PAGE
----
Groundwater ordinance, manure irrigation focus of Land and Water meeting
At the Kewaunee County Land and Water Conservation Meeting Tuesday, the committee discussed implementation of the groundwater protection ordinance’s first year and heard a scientific presentation on manure spraying.
The groundwater protection ordinance, which was approved by voters last year, prohibits manure spreading on fields with less than 20 feet to bedrock until April 15.
Davina Bonness reported that four farmers had been found in violation of the ordinance. She said that they would not be fined because it was their first violation.
Tony Knorn of the Junion Farm appeared before the committee to ask for assistance because his farm had not been able to get manure storage pads installed for their new heifer barn and the farm needed to dispose of its manure before the April 15 deadline.
The committee voted unanimously to have a representative from the Land and Water Conservation Department visit the Junion farm the following day to determine a temporary solution to the problem.
Chairman John Pagel noted that a decision on whether to allow spreading before the April 15 deadline was to be made annually at the March meeting.
“I do not support lifting the ban,” Bonness said. “The fields are too saturated . . .and we need to protect the groundwater.”
The committee agreed to call a special meeting if it appeared that the ban could be lifted before April 15.
Several members of the committee praised a recent presentation by Mark Archuleta of the Natural Resources Conservation Service (NRCS) on soil health.
Joe Johnson of the NRCS said that farmers had a unique climate in the county because of the lake and that Archuleta’s presentation focused on the benefits of cover crops to reduce erosion and runoff and improve soil health.
Mark Bochardt, research biologist with the USDA Agricultural Research Service, gave a presentation on the “Quantitative Microbial Assessment for Estimating Setback Distance From Aerial Irrigation of Dairy Manure.”
His study goals were to identify the relationship between the risk of gastrointestinal illness and distance in manure spraying and to identify other variables most important for airborne pathogen transport during manure irrigation.
The study demonstrated distances that would provide the median probability of illness for a single exposure to manure irrigation, he said. It also determined that pathogens in the manure are the strongest determinant of risk and that distance and wind speed when spraying manure are also important to protecting human health.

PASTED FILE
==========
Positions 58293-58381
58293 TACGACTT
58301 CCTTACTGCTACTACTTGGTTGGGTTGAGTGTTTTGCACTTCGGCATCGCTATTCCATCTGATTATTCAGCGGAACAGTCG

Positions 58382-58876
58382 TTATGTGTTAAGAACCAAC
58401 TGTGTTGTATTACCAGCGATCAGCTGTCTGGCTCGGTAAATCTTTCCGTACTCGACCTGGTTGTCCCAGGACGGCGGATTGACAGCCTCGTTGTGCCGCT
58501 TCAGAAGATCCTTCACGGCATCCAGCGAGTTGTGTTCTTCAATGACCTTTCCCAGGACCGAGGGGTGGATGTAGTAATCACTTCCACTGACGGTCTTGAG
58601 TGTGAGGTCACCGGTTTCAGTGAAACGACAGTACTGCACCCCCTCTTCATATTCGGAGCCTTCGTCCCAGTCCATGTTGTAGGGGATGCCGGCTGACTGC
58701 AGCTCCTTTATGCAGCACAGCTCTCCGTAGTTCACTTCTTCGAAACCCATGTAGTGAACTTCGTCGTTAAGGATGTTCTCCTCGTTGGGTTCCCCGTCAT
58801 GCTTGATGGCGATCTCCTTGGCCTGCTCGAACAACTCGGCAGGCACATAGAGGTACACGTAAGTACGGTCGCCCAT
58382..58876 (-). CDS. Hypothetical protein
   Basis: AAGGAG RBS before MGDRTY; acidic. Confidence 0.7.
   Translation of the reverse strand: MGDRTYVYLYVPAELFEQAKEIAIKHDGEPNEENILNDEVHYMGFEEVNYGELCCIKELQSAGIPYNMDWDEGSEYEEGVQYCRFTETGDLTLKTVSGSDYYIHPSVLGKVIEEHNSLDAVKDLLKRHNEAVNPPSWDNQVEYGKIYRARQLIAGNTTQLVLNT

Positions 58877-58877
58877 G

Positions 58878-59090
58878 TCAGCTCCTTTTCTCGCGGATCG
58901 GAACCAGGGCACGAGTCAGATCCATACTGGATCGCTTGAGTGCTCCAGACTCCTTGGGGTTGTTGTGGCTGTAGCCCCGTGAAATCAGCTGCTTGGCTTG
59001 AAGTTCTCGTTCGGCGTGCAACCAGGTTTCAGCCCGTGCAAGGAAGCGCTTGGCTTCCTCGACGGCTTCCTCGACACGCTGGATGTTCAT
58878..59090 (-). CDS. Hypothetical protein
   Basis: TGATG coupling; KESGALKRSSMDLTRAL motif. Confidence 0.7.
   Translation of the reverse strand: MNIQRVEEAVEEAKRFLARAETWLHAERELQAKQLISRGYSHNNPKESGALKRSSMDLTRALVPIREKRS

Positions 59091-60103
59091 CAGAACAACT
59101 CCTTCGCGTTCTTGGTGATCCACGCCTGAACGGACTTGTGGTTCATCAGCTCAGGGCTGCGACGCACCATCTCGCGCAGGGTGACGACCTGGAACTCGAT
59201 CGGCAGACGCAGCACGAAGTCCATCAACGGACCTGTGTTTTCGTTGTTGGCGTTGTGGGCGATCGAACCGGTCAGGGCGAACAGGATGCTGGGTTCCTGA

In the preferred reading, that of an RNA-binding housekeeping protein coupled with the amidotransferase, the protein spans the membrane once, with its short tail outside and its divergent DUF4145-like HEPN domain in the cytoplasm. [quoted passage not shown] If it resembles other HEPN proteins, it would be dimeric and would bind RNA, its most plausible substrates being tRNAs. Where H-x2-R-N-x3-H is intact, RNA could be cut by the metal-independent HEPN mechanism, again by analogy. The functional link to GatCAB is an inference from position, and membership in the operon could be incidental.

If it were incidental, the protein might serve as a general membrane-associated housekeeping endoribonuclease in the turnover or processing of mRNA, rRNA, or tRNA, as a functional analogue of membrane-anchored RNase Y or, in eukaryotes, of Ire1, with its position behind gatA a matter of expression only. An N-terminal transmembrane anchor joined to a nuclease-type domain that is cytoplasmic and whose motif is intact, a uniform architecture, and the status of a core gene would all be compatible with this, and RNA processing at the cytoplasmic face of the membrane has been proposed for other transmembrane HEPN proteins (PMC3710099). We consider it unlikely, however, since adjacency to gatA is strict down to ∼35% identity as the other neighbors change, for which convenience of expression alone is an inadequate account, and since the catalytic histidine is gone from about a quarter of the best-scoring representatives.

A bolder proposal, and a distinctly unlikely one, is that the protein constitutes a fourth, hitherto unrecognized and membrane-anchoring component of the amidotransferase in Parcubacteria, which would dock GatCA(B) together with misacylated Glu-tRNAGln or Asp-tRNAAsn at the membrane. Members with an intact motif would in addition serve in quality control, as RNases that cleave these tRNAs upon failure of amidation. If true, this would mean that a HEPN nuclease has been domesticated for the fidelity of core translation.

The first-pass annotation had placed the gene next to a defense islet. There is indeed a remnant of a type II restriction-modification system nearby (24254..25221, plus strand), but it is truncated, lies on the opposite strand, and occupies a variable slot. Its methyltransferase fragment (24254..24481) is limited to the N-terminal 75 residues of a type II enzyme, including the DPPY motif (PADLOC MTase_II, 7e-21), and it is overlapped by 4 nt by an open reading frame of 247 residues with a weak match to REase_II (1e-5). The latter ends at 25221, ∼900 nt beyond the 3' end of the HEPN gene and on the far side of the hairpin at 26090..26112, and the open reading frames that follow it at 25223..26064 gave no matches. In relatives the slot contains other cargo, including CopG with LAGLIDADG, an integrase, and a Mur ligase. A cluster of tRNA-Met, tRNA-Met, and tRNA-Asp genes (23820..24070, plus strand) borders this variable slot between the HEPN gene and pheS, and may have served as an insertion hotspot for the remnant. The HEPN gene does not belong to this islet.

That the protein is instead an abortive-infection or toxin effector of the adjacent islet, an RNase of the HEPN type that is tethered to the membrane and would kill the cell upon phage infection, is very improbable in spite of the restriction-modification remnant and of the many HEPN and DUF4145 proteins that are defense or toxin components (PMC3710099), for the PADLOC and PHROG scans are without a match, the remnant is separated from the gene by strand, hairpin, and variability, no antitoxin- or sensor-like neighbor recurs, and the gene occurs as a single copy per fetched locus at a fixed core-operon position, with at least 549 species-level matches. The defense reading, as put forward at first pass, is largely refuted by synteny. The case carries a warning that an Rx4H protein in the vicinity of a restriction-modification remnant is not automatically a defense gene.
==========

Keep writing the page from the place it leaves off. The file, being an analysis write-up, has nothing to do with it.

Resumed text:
Bochart said that this study would be included in the state’s Manure Irrigation Work Group report due out next week and that the data would be published in a scientific journal.
Committee member Lee Luft asked if observations from his study would be included in DNR manure irrigation permits.
Bochardt said that other states and countries had chosen to use his study data in recent years, but “Wisconsin has chosen to ignore the data the last five years.”
He said that pathogen removal by digesters is higher variable and averages about 90 percent.
Affter the meeting, he noted that no studies had been completed to confirm whether ground and surface water runoff was reduced with manure irrigation and that more comprehensive studies had not been completed on the short and long-term affects of ammonia, hydrogen sulfide and particulate matter of sprayed manure on human health.
He also noted that the cumulative effects of manure spraying had not been studied and that he was hoping to receive additional funds from the Environmental Protection Agency to do additional studies of the effects of manure spraying in Kewaunee County.
Committee Chairman John Pagel, who has requested the first permit for manure irrigation in the county, said that he was sending letters out to neighbors to inform them of his plans.
He said that because he was treating his manure to remove pathogens before spraying, he did not think that odor would be a problem and that he planned to work manure into the soil as soon as it was spread to help control odor.
“Our team is bringing in information to teach farmers how to do a better job,” said Pagel about the Land and Water Conservation Committee. “All our efforts have been voluntary.”
This article originally appeared on Green Bay Press Gazette: Groundwater ordinance, manure irrigation focus of Land and Water meeting